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Protests and plaudits as anti-gay law is passed in Uganda

28 February 2014


Reception: schoolchildren at an Evangelical rally outside the capital, Kampala, celebrate the passing of the Bill with cheering and placards

Reception: schoolchildren at an Evangelical rally outside the capital, Kampala, celebrate the passing of the Bill with cheering and placards

THE President of Uganda, Yoweri Museveni, signed the country's Anti-Homosexuality Bill into law on Monday, despite opposition from international governments, human-rights groups, and church leaders overseas.

President Museveni had previously indicated that he would not sign the Bill, saying that it was "wrong to punish somebody on account of being born abnormal".

But he says that he changed his mind after receiving the "unanimous conclusion" of the country's Department of Genetics, the School of Medicine, and the Ministry of Health that "homosexuality, contrary to my earlier thinking, was behavioural and not genetic. Itwas learnt and could be unlearnt."

Last week, the Archbishop of York, Dr Sentamu, advised the President against signing. He "simply couldn't understand", he said, why a new law was needed. The existing law, imposed during British rule, had never been repealed.

"My stance is very clear: any legislation which is anti-something always worries me. We should be for things, not against something," he said at a gathering of Jewish and Christian students at Durham University.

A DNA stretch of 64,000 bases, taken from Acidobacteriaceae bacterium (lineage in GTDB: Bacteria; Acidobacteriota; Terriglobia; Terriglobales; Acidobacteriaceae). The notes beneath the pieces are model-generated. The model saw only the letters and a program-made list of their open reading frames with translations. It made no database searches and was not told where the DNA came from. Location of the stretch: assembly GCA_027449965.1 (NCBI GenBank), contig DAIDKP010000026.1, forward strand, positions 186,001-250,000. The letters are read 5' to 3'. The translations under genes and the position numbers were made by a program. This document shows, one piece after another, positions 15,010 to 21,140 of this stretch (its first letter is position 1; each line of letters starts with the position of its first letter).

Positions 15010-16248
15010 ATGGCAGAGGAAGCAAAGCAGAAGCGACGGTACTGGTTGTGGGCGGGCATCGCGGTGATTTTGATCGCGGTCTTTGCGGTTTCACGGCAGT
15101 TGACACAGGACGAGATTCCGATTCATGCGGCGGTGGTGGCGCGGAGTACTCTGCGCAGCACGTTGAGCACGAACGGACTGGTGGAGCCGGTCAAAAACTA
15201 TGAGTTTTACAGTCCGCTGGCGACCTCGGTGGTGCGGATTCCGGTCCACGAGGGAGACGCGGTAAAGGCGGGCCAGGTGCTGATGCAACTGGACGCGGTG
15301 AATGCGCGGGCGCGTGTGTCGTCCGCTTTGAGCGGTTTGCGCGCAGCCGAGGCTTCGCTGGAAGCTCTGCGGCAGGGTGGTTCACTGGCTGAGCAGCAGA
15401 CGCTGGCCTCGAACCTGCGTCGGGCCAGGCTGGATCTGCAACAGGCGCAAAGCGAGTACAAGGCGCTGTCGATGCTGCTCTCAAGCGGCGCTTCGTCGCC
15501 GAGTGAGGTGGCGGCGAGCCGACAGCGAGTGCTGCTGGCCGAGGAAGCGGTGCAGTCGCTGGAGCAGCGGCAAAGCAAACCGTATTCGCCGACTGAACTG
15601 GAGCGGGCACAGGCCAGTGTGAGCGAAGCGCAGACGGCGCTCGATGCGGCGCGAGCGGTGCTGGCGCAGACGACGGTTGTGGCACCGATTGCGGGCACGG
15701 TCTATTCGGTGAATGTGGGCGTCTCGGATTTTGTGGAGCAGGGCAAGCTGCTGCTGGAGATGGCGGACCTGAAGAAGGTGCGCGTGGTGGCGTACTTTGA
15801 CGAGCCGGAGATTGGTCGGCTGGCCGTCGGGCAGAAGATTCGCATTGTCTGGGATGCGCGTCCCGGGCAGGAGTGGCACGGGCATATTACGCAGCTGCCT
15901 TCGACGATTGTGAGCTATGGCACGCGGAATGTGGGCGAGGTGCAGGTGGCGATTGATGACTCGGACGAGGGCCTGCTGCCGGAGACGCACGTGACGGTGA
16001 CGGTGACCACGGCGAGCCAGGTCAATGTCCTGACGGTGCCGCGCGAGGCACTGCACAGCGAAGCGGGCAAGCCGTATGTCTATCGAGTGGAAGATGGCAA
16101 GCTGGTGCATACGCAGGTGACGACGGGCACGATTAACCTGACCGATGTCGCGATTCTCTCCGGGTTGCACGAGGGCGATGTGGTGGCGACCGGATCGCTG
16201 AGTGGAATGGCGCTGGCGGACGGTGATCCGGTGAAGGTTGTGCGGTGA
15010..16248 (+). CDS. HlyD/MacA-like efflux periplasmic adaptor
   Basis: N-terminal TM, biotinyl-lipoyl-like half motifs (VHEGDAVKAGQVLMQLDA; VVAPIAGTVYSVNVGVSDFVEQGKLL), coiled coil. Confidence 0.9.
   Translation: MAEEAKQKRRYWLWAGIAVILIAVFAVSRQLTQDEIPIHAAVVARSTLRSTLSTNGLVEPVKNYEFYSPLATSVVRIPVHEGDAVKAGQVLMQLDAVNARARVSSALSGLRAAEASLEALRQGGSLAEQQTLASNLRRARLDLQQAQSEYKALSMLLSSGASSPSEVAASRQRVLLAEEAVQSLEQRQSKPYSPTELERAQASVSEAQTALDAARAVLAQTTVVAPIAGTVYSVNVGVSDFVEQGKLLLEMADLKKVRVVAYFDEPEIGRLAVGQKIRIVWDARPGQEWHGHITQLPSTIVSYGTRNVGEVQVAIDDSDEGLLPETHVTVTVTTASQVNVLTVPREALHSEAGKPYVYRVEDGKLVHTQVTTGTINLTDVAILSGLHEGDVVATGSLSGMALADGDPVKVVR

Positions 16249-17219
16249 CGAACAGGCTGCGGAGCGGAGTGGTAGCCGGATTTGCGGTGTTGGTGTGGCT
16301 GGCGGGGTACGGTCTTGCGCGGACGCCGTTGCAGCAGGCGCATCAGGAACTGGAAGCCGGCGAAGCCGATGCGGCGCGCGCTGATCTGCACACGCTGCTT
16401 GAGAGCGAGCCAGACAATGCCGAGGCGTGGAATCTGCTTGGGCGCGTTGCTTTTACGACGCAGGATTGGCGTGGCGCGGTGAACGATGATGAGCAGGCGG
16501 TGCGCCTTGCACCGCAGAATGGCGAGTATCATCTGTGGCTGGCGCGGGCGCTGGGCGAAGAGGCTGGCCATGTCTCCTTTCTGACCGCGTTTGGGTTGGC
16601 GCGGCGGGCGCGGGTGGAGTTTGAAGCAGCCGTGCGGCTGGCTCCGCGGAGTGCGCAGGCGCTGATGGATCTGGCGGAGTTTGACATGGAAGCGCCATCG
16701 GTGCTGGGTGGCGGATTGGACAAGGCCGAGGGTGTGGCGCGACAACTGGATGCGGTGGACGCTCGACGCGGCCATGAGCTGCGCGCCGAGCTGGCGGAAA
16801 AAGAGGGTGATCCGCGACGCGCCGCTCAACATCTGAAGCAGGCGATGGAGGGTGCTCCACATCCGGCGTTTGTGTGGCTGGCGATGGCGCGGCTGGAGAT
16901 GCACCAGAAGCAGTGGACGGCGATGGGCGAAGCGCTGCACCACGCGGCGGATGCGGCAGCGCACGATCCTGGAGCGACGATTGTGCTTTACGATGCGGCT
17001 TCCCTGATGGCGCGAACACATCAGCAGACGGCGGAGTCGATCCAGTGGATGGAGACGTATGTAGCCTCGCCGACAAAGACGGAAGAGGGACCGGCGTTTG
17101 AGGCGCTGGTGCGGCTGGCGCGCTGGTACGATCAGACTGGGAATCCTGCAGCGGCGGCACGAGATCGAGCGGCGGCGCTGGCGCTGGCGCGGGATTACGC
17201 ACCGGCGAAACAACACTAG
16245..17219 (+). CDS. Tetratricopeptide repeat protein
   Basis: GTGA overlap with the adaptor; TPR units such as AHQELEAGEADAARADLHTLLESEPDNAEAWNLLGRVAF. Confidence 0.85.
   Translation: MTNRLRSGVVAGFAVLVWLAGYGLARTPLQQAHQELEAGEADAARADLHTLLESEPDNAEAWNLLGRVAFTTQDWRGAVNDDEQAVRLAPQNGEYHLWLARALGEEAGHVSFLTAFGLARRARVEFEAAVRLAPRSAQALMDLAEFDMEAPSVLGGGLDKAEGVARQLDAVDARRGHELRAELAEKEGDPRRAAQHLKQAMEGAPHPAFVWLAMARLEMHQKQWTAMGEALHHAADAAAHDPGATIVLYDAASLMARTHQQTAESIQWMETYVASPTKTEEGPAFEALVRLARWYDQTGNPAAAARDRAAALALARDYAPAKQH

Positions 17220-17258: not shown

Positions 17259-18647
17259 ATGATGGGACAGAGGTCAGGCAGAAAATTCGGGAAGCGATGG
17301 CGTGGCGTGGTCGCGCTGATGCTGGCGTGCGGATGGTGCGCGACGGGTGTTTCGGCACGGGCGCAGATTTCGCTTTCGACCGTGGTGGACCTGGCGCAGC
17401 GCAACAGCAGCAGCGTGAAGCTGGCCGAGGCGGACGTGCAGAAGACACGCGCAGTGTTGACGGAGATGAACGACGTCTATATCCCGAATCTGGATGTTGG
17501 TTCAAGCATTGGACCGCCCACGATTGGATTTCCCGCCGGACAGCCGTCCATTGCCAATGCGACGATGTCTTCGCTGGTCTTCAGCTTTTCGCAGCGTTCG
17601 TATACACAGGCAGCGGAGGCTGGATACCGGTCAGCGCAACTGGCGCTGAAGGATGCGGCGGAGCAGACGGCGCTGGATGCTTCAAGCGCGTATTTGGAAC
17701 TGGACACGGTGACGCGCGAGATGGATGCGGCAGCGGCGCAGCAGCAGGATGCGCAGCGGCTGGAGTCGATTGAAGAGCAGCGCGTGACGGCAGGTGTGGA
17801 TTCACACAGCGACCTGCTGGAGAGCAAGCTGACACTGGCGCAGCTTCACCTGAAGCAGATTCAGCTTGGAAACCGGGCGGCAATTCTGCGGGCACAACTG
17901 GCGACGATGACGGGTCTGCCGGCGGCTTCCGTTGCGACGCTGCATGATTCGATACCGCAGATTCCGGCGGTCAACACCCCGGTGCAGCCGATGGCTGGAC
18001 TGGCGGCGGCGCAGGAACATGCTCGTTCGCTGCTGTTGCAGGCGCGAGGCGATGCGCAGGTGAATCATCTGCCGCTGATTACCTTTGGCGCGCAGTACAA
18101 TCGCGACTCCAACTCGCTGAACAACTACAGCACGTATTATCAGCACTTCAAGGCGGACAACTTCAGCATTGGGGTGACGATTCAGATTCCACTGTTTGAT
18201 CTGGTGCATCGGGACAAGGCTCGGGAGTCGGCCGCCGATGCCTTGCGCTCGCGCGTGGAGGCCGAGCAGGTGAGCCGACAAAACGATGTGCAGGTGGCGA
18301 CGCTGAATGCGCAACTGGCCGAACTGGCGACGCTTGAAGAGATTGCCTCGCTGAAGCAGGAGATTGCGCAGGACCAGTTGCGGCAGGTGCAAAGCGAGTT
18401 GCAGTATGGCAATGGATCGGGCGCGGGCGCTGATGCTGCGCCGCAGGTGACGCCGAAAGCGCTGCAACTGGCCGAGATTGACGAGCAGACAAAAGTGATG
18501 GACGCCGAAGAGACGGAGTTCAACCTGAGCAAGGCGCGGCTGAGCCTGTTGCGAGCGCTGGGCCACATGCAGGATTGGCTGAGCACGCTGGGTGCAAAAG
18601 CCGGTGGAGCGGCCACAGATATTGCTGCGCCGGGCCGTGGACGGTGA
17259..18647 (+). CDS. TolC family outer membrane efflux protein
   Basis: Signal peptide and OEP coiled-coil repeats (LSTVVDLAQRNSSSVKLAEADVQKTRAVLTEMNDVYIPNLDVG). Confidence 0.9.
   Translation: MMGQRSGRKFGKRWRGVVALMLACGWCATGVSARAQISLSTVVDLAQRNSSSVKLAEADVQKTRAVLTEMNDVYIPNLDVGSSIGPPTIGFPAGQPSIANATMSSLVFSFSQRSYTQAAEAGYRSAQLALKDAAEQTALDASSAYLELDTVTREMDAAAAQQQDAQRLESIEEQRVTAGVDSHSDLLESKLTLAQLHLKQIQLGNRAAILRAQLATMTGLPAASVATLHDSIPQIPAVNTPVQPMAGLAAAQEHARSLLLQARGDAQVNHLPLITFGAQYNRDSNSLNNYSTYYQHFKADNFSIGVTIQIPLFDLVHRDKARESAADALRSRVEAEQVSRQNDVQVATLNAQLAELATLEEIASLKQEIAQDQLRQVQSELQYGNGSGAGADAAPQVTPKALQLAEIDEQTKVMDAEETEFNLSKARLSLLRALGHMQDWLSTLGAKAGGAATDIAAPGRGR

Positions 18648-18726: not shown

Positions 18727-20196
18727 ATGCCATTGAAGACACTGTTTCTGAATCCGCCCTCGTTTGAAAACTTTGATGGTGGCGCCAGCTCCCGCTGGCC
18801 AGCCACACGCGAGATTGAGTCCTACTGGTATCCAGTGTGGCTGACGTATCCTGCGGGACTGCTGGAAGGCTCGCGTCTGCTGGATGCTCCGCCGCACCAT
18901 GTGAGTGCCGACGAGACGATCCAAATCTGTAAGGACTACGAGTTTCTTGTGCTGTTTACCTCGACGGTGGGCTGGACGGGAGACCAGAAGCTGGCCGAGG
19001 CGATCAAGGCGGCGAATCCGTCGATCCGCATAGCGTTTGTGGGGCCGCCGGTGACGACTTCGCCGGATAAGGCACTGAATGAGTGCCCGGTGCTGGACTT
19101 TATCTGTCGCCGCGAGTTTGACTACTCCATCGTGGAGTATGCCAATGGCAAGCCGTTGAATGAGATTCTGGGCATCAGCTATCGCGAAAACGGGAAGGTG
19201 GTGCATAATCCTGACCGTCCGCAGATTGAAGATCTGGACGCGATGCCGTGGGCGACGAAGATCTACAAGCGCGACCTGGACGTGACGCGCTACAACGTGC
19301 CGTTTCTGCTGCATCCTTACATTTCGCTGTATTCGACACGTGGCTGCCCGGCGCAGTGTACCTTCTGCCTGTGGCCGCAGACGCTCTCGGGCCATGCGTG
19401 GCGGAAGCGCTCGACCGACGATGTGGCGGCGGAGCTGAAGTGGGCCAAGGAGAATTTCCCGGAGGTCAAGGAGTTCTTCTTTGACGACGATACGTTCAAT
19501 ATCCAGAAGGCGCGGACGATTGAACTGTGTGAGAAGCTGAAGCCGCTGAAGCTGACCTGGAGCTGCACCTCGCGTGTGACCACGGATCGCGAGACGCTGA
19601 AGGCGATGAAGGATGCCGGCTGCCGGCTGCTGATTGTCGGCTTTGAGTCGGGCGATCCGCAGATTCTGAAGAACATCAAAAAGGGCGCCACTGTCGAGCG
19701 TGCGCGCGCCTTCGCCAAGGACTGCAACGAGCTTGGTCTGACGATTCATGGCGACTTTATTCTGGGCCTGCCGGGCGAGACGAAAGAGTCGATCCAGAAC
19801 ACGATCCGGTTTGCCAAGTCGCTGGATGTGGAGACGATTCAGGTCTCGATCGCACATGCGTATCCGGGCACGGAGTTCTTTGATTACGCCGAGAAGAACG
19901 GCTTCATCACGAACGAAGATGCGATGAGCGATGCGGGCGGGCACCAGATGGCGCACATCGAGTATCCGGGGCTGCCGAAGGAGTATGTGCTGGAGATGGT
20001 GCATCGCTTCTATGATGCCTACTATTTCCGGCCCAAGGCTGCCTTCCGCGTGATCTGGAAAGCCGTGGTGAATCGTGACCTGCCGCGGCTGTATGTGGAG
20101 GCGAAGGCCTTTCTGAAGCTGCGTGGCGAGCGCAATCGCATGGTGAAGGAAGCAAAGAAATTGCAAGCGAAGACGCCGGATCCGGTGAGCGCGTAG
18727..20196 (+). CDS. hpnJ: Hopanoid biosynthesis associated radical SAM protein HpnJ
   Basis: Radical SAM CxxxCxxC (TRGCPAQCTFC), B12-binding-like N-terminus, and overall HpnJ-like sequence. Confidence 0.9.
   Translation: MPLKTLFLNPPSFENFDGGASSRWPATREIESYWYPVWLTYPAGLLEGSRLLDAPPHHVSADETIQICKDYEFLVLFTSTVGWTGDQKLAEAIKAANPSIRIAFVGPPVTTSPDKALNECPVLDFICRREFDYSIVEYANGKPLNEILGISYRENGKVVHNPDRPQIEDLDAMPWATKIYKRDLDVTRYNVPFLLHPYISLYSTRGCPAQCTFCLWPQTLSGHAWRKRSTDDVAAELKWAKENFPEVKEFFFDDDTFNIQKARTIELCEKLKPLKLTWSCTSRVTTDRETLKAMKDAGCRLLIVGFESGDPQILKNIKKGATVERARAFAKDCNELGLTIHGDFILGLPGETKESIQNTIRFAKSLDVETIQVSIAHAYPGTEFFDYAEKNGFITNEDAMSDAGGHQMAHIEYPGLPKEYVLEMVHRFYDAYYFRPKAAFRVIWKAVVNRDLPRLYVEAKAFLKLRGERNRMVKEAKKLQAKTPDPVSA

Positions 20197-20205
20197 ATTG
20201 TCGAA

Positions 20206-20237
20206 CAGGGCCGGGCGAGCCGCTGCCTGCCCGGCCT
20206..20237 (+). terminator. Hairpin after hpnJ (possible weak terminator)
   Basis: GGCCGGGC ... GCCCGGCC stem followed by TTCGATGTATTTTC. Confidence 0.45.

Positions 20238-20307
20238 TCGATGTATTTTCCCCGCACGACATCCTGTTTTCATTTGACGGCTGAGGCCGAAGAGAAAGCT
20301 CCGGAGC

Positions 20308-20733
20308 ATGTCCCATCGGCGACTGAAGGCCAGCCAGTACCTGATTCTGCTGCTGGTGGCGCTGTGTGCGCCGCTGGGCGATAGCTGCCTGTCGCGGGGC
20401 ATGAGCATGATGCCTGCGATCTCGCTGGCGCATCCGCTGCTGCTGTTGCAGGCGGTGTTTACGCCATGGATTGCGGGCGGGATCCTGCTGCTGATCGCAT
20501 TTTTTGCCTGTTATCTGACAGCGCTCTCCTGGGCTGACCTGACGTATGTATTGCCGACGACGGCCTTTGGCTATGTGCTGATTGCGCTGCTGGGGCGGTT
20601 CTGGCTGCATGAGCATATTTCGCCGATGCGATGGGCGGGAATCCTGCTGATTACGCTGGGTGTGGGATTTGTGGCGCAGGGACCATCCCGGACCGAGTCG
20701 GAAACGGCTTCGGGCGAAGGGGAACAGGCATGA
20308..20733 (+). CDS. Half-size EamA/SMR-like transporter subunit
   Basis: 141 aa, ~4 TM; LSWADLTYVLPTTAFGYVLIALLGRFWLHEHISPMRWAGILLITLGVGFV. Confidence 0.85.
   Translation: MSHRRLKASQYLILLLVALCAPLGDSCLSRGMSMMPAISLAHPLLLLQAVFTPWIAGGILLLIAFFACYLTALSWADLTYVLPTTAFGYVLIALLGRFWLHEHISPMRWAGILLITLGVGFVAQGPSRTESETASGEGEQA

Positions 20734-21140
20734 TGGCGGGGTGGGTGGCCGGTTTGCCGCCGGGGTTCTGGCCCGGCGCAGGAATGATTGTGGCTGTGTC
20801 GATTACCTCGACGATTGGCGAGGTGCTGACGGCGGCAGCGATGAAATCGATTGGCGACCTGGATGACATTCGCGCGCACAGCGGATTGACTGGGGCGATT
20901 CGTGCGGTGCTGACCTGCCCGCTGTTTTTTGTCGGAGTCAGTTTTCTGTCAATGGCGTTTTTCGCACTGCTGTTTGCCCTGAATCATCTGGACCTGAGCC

"As far as I am concerned, I cannot understand why clergy can support a law that could lead to life imprisonment if I know that X, Y, Z are homosexual, and has got a partner, and I don't tell the government, I, too, face a court case. I'm sorry, this just does not go with my understanding of what I think religion is all about."

He could still "retain what I see as the teaching of the Church in the matter of sexual relations"; but "I don't want people locked up because they happen to be homosexual."


The Archbishop of Uganda, the Most Revd Stanley Ntagali, last month welcomed moves to remove the requirement to report known homosexuals to the state. "This frees our clergy and church leaders to...offer counselling, healing, and prayer for people with homosexual disorientation. The Church is a safe place for individuals who are confused about their sexuality, or struggling with sexual brokenness, to seek help and healing."

The law was condemned by the Most Revd Dr Desmond Tutu, Archbishop Emeritus of Cape Town, who said: "There is no scientific basis or genetic rationale for love. There is only the grace of God. There is no scientific justification for prejudice and discrimination, ever. And nor is there any moral justification."

The Foreign Secretary, William Hague, said that he was "deeply saddened and disappointed" by the new law. "There can be no doubt that this Bill will increase persecution and discrimination of Ugandans, as well as damage Uganda's reputation internationally," he said.

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